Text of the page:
Shooting his age? Wisconsin golfer, 92, had 18 strokes to spare

It was just one of dozens of honor scores printed in the Milwaukee Journal Sentinel last week:

"Grant Park, Dick Woerfel, 74."

But this was one extraordinary round of golf.

Woerfel, you see, is 92 years old. At that age, it's a bonus just to be ambulatory, much less be able to swing a golf club. Amazingly, Woerfel plays 18 holes three days a week - his group has a regular 7 a.m. tee time at Grant - and still competes occasionally in senior tournaments.

But 74? That's 18 strokes lower than his age, a phenomenal and perhaps unprecedented achievement. Sure, the Grant Park Golf Course is only 5,213 yards and par is 67. But a 74 at age 92?

For perspective, imagine Michael Jordan dunking at 85, Michael Johnson running the 400 at the 2052 Olympics or Roger Clemens checking out of a senior care facility to don Yankees pin stripes. Oh, wait, he's already done that.

Tiger Woods and Phil Mickelson won't be shooting 74s when they're 92. You can take it to the bank.

"That's far and away the best score I've ever heard for a golfer that age," said Bill Linneman, director of rules and competitions for the Wisconsin State Golf Association. "Just ask any golfer: Is 74 a great score? Of course. It's awesome. Throw in the fact that he's 92 and it's off-the-charts good."

Shooting your age is among the rarest feats in golf. It doesn't even become possible until a golfer reaches his mid-60s and by then the skills needed to string together pars and birdies are in decline. It's always big news when a Champions Tour player manages to shoot his age.

Woerfel, the exception to the rule, regularly shoots in the low 80s and sometimes sneaks into the 70s.

"I just took it for granted that if you keep at it and you're healthy you can keep doing it," he said. "I don't really exercise a great deal. I just keep trying."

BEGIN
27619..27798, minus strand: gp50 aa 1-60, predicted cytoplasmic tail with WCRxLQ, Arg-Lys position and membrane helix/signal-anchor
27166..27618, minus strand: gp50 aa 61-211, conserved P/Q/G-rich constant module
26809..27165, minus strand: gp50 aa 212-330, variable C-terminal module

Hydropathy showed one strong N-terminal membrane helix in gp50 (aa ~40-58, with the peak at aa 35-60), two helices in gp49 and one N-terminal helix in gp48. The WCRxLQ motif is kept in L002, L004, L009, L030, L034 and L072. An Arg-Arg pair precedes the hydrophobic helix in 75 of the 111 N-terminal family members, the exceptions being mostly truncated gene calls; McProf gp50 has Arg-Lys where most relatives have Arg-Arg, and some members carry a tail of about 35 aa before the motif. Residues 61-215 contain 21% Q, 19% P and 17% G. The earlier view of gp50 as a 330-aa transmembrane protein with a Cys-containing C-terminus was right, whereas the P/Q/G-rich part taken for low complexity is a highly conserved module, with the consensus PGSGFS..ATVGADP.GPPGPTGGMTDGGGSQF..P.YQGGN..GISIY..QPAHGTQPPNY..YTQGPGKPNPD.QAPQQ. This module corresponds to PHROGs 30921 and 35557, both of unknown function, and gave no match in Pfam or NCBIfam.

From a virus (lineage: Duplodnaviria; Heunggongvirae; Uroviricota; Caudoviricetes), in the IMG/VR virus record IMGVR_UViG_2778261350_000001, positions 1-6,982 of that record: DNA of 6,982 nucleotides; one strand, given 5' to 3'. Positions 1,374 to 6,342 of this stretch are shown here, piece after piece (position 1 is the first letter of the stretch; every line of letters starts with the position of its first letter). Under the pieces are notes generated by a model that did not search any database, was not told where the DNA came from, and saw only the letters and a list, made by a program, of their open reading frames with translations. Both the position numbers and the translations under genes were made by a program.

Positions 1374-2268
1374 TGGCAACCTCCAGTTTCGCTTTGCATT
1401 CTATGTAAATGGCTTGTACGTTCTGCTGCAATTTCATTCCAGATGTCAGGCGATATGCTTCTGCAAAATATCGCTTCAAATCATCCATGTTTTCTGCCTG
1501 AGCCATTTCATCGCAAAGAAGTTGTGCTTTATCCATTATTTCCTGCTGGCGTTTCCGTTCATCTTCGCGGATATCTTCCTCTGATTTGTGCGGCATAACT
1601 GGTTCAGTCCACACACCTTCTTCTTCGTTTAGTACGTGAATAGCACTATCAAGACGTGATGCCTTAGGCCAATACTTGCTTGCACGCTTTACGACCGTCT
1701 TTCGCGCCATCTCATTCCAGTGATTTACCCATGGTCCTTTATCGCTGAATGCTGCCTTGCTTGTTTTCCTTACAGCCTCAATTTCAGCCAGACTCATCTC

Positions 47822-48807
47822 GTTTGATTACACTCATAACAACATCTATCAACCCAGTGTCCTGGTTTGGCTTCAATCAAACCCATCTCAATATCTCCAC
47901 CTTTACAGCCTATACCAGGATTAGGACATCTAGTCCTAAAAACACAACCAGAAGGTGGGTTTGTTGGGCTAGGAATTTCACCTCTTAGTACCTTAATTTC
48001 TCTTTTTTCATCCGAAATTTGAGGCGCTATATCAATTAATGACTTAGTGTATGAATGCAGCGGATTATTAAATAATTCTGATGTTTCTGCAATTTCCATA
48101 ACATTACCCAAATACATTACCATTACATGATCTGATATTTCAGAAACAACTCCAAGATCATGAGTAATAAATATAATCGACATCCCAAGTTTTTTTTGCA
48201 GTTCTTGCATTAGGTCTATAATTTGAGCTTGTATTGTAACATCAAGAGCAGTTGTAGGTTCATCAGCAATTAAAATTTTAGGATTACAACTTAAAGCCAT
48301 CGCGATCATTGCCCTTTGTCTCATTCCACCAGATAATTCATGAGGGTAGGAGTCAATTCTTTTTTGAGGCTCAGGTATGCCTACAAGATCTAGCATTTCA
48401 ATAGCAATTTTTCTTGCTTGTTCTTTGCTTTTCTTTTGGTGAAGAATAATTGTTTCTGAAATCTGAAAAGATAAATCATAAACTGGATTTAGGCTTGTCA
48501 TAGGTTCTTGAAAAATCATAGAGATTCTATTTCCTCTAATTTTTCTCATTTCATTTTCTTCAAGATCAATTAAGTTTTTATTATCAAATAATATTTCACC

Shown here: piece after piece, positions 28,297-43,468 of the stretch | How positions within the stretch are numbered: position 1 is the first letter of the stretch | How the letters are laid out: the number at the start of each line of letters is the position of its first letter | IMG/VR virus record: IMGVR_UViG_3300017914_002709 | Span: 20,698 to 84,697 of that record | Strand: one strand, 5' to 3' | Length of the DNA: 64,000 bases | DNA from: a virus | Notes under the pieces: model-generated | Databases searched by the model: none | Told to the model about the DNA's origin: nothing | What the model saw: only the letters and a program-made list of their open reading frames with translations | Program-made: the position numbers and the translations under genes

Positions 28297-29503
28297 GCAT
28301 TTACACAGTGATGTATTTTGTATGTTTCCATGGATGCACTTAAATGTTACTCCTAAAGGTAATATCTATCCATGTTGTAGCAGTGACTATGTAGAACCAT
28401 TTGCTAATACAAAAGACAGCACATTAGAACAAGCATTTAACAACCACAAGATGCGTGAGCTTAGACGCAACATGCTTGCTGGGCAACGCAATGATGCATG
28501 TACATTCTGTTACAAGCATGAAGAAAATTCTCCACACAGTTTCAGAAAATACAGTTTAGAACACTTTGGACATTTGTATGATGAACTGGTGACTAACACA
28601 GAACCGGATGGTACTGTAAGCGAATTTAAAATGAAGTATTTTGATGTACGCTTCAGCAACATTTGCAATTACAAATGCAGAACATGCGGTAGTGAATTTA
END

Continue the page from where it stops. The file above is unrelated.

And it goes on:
The longtime Cudahy resident got his start in golf by working as a caddie at the Peninsula State Park Golf Course . . . in the 1920s. He retired from his job as an industrial arts teacher at Cudahy High School . . . in 1979. He has been married to Leona, his high school sweetheart . . . for 68 years.

"She's 93," he said. "We're blessed with good health."

Woerfel coached the boys' golf team at Cudahy for 31 years. One of his former players, Harvey Sobocinski, picked up the paper last week, saw Woerfel's name in the honor scores and did a double-take.

"Dick Woerfel was my golf coach at Cudahy; I graduated in 1968 and he was in his 50s then," Sobocinski said. "He was a Ward Cleaver kind of guy, very gentlemanly, smoked a pipe. He reminded me of Byron Nelson.

"I hadn't seen his name in the paper for quite a while and I hoped he was still playing. It's amazing what he's been able to do."

Woerfel said he had been playing golf for about 80 years and has never had a lesson. His handicap once was as low as 6. A traditionalist, he has used the same set of Ben Hogan irons for many years.

"I don't go for all those high-tech clubs," he said, though he has traded his persimmon driver for metal.

He described himself as a "pretty good" putter-his 74 included two birdies-and he still hits his driver about 200 yards, though he has been fighting a fade lately.

"You just can't swing too hard," he said. "Let the club do the job."

His best round?

"I shot a 68 when I was 68, but I never got to 67," Woerfel said. "I've been in the 70s two or three times a season (in recent years). The last time I was in the paper, I eagled No. 11 at Grant."

Cliff Schrock, editor of the resource center at Golf Digest magazine, said Woerfel might have set the record for widest margin between score and age, though such records are difficult to verify. The magazine began tracking records and rarities in the late 1950s.

"My quick answer, without getting into this thoroughly, is that it looks like 18 strokes could be the record," said Schrock, who was able to find three instances in which golfers had beaten their ages by 16 strokes. "But I wouldn't want to be definitive about it."

Put it this way: If it's not the record, it can't be far off.

"Any course I play, I try to shoot my age," Woerfel said. "You always hope to have a good round. Sometimes it just doesn't work out like you expect it to, but I haven't shot (higher than) my age for a long time. That's a bad day."

The way he looks at it, shooting his age will get a little easier on Aug. 10.

That's the day he turns 93.